LAC countries can strengthen its regulations to reduce tobacco use by fully implementing the WHO Framework Convention on Tobacco Control. For this, WHO’s strategy MPOWER can be followed to Monitor tobacco use and prevention policies; Protect people from tobacco use; Offer help to quit tobacco use; Warn about the dangers of tobacco; Enforce bans on tobacco advertising, promotion and sponsorship; and Raise taxes on tobacco (WHO, 2019[24]).

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Definition and comparability

Adults smoking daily is defined as the percentage of the population aged 15 years and over who reported smoking every day. Estimates for 2015 were based on data obtained from a broad range of health and household surveys, including the Global Adult Tobacco Survey (GATS). Results were age-standardised OECD standard population for OECD countries and to the WHO Standard Population for non-OECD countries.

Current tobacco use among youth is derived from the Global Youth Tobacco Survey 2010-17. It is defined as the percentage of young people aged 13-15 years who consumed any tobacco product at least once during the last 30 days prior to the survey.

References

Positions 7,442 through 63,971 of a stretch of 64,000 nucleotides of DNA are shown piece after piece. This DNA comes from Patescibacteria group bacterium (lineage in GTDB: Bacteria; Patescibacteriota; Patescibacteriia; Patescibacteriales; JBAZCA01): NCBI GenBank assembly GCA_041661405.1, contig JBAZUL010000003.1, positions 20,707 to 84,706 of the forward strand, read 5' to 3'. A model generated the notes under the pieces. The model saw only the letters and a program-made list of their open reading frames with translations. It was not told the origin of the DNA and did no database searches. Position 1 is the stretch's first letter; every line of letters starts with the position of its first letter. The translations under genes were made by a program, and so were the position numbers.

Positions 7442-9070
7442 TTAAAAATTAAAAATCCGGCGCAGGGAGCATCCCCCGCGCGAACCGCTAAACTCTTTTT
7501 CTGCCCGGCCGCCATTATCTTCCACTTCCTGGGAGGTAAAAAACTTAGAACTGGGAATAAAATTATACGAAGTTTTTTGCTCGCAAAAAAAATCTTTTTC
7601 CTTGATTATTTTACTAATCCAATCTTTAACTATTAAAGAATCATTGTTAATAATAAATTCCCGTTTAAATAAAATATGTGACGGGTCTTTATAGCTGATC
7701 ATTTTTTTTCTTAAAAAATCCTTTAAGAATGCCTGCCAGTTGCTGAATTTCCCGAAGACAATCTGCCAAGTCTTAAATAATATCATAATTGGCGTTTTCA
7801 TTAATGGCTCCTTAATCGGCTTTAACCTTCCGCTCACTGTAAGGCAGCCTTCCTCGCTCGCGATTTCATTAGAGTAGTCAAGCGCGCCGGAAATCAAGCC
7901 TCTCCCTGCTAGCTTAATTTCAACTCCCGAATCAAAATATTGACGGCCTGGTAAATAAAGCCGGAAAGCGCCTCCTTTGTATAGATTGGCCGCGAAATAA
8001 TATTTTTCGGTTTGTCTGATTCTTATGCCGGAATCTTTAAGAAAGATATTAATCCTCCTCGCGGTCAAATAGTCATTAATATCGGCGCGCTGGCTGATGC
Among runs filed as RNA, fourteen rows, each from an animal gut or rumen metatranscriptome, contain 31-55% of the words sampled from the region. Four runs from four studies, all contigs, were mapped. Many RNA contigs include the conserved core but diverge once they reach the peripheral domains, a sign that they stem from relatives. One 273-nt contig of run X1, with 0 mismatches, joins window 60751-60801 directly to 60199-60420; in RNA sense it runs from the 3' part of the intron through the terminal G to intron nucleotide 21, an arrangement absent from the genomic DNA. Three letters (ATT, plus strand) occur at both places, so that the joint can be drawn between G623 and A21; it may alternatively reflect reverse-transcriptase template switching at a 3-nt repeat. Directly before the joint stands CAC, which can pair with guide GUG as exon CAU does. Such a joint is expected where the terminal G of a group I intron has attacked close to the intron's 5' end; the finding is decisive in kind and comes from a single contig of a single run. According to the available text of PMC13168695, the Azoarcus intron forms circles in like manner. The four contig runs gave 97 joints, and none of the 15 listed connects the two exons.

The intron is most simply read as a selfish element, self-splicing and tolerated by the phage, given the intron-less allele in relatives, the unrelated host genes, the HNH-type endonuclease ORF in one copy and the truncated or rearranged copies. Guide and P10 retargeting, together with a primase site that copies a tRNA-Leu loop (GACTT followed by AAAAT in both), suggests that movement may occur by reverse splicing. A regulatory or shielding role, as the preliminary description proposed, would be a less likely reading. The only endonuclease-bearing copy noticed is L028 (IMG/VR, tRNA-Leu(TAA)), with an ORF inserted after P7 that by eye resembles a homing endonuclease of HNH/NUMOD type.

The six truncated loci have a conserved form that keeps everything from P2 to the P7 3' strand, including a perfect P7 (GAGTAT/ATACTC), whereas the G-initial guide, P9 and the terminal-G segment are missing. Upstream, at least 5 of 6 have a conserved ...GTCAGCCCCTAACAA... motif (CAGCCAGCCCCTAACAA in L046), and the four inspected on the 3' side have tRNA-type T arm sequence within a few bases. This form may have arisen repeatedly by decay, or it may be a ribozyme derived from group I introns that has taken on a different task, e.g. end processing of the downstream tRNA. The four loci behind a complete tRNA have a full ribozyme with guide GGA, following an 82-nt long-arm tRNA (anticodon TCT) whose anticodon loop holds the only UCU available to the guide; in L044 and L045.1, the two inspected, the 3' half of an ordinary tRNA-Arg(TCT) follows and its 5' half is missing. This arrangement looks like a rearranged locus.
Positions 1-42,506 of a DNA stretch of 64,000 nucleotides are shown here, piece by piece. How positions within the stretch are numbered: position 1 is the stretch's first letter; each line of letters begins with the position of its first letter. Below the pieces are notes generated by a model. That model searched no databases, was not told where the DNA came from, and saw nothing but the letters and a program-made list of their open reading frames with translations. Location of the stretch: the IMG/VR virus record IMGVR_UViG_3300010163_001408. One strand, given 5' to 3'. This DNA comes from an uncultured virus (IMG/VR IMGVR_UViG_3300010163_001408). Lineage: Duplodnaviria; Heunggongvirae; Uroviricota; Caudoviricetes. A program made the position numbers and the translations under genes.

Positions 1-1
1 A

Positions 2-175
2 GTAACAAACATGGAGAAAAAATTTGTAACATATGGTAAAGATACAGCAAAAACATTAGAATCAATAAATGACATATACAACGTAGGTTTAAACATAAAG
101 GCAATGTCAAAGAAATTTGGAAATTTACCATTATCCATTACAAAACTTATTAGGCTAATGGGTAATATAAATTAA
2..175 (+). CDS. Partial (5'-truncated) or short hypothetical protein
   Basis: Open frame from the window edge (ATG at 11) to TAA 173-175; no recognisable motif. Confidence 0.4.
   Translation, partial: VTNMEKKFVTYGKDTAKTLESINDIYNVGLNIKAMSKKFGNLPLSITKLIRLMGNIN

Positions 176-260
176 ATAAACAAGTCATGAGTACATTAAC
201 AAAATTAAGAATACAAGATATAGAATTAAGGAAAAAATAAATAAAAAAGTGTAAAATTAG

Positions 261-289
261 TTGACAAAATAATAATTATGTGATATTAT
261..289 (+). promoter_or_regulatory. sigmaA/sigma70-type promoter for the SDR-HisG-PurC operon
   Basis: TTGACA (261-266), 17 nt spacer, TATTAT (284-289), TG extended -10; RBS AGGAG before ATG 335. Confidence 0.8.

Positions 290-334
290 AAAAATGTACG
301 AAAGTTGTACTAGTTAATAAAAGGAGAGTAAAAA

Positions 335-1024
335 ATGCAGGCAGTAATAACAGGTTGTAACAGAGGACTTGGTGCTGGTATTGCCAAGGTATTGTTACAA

[25] Guindon, G., G. Paraje and F. Chaloupka (2018), “The Impact of Prices and Taxes on the Use of Tobacco Products in Latin America and the Caribbean”, American Journal of Public Health, Vol. 108/S6, pp. S492-S502, http://dx.doi.org/10.2105/ajph.2014.302396r.

[23] Reitsma, M. et al. (2017), “Smoking prevalence and attributable disease burden in 195 countries and territories, 1990-2015: a systematic analysis from the Global Burden of Disease Study 2015”, The Lancet, Vol. 389/10082, pp. 1885-1906, http://dx.doi.org/10.1016/s0140-6736(17)30819-x.

[24] WHO (2019), Tobacco, World Health Organization, https://www.who.int/news-room/fact-sheets/detail/tobacco.

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Figure 4.20. Age standardised prevalence estimates for daily tobacco smoking among persons aged 15 and above, 2016
Figure 4.20. Age standardised prevalence estimates for daily tobacco smoking among persons aged 15 and above, 2016

Source: WHO GHO 2018. OECD Health Statistics 2019 for Mexico, Chile, Colombia, Costa Rica and Brazil.

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Figure 4.21. Prevalence of current tobacco use among youth aged 13 and 15, latest estimate available
Figure 4.21. Prevalence of current tobacco use among youth aged 13 and 15, latest estimate available

Source: Global Youth Tobacco Surveys 2010-17.

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Figure 4.22. National taxes and retail price for a pack of 20 cigarettes of the most sold brand, 2016
Figure 4.22. National taxes and retail price for a pack of 20 cigarettes of the most sold brand, 2016

Source: WHO report on the global tobacco epidemic 2017.

 StatLink https://stat.link/ayoqbh